The Discovery Channel posted today an interesting “photo of the day” on their Facebook page. It’s a picture as seen by the Hubble telescope of a galaxy known as the Markarian 209. Now why does a galaxy have such an Armenian name? Let’s examine.
Markarian 209 is a part of a whole group of bright Markarian Galaxies. They belong to a class of galaxies with a bright center that radiates an excessive amounts of ultraviolet. They are named after their discoverer, a renown Armenian astrophysicist Beniamin Markarian (1913-1985) who in 1965 first discovered these galaxies at Byurakan Astrophysical Observatory in Armenia.
Beniamin Markarian was considered one of the greatest observing astronomers of the 20th century. He worked at the Byurakan Observatory since 1946 on theories of star-formation, clusters and super-clusters. He studied star associations and published the first systematic catalog of OB associations. For his work in 1950 he was awarded the prestigious Soviet Stalin Prize along with his colleague Victor Ambartsumian. He went on to discover the Markarian Galaxies in the 1960s and published a catalog of 1469 galaxies called Markarian catalog (First Byurakan Catalogue of Markarian galaxies). Markarian also discovered a string of galaxies moving with a common motion. Named after him the Markarian’s Chain is a stretch of galaxies that are part of the Virgo Cluster. It is called a chain because, when viewed from Earth, the galaxies lie along a smoothly curved line. Markarian has received many honors during the course of his career.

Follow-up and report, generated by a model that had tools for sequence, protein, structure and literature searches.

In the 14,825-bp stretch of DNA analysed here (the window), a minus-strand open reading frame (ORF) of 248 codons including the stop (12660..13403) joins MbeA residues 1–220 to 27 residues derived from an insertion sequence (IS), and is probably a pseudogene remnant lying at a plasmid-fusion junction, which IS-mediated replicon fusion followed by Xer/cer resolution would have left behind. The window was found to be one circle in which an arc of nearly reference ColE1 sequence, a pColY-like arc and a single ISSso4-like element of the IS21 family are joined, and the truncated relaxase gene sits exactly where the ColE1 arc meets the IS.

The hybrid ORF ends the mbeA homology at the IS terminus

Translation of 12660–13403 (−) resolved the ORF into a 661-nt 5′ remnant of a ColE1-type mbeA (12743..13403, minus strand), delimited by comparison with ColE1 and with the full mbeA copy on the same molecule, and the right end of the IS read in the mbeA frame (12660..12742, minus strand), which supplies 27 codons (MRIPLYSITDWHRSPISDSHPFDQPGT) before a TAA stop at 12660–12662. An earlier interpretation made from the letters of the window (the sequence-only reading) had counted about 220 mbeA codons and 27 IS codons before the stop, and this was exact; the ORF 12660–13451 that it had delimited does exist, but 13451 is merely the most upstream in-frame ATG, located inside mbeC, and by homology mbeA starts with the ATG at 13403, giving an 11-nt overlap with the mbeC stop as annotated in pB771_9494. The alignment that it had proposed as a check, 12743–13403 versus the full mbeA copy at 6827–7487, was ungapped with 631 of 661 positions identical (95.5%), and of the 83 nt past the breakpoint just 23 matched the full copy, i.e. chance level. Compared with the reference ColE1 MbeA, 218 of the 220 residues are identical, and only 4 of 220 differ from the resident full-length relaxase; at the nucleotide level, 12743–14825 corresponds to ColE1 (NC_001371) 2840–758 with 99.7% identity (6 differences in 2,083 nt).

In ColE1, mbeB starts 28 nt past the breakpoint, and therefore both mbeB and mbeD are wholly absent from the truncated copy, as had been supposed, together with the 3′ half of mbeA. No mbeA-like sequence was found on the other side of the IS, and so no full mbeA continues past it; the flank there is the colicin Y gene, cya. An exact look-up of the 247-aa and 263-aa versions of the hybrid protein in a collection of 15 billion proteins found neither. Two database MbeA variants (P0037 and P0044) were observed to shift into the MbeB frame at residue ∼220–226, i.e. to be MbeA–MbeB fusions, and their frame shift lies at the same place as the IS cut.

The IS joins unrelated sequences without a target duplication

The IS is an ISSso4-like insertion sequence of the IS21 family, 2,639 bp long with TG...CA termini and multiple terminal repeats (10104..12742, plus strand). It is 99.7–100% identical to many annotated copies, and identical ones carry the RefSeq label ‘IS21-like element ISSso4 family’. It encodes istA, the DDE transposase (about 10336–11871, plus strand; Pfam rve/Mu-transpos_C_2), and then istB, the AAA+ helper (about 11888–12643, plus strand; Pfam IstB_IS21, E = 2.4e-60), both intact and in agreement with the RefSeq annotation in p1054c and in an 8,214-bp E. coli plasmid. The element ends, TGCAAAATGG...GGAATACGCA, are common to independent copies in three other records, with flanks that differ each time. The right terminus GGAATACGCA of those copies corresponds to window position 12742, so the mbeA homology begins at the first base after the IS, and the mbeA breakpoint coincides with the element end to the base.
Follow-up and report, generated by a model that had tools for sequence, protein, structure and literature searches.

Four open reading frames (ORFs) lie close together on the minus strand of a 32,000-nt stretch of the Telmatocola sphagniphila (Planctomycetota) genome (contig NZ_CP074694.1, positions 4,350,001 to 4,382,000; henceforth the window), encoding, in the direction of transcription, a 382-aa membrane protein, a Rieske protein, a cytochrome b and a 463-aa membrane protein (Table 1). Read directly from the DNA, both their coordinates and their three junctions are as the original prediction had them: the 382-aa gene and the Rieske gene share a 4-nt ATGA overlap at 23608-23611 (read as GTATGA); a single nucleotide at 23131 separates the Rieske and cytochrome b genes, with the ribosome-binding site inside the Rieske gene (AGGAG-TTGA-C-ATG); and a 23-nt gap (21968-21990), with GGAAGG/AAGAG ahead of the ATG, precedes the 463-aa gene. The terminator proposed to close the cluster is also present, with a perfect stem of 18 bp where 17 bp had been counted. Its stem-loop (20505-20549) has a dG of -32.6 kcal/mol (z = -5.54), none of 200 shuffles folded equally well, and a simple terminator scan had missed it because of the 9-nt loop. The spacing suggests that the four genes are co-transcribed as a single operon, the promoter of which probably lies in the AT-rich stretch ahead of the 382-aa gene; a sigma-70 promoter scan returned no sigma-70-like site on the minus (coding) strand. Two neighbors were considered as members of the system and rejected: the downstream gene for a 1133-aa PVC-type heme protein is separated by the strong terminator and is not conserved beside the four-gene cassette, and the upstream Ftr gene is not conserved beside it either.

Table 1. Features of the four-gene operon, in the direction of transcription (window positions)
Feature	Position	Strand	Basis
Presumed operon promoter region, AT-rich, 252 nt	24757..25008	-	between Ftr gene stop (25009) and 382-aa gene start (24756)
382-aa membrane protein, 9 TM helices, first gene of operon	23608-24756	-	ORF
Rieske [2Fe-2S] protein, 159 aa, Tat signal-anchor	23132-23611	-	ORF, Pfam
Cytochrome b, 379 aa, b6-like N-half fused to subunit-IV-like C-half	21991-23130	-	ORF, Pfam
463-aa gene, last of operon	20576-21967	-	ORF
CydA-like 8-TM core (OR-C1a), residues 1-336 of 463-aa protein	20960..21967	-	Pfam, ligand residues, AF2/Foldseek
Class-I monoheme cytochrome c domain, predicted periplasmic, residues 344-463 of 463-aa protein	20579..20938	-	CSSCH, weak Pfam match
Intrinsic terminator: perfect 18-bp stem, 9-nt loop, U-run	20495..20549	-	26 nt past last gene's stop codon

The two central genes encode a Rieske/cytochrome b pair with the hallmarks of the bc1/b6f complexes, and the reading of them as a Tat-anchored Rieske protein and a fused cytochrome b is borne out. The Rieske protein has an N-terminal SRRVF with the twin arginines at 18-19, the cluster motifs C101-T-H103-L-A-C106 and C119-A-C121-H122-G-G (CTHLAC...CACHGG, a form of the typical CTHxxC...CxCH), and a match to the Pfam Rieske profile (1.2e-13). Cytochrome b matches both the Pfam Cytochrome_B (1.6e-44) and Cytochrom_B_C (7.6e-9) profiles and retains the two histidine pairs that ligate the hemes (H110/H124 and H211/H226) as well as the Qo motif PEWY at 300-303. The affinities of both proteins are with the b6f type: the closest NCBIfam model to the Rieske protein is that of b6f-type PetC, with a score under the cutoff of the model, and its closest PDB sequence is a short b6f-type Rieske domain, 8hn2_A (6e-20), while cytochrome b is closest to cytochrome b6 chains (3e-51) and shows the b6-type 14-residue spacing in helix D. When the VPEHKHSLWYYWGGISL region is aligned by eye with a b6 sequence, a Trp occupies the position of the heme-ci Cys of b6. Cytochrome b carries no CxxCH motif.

Between 1965 and 1989 up to 1515 Markarian Galaxies have been identified by the First Byurakan Survey. In 2005, the Second Byurakan Survey was carried out, extending the survey to fainter objects, making a catalog of total 3563 objects, 1863 of which are galaxies and 1700 stars.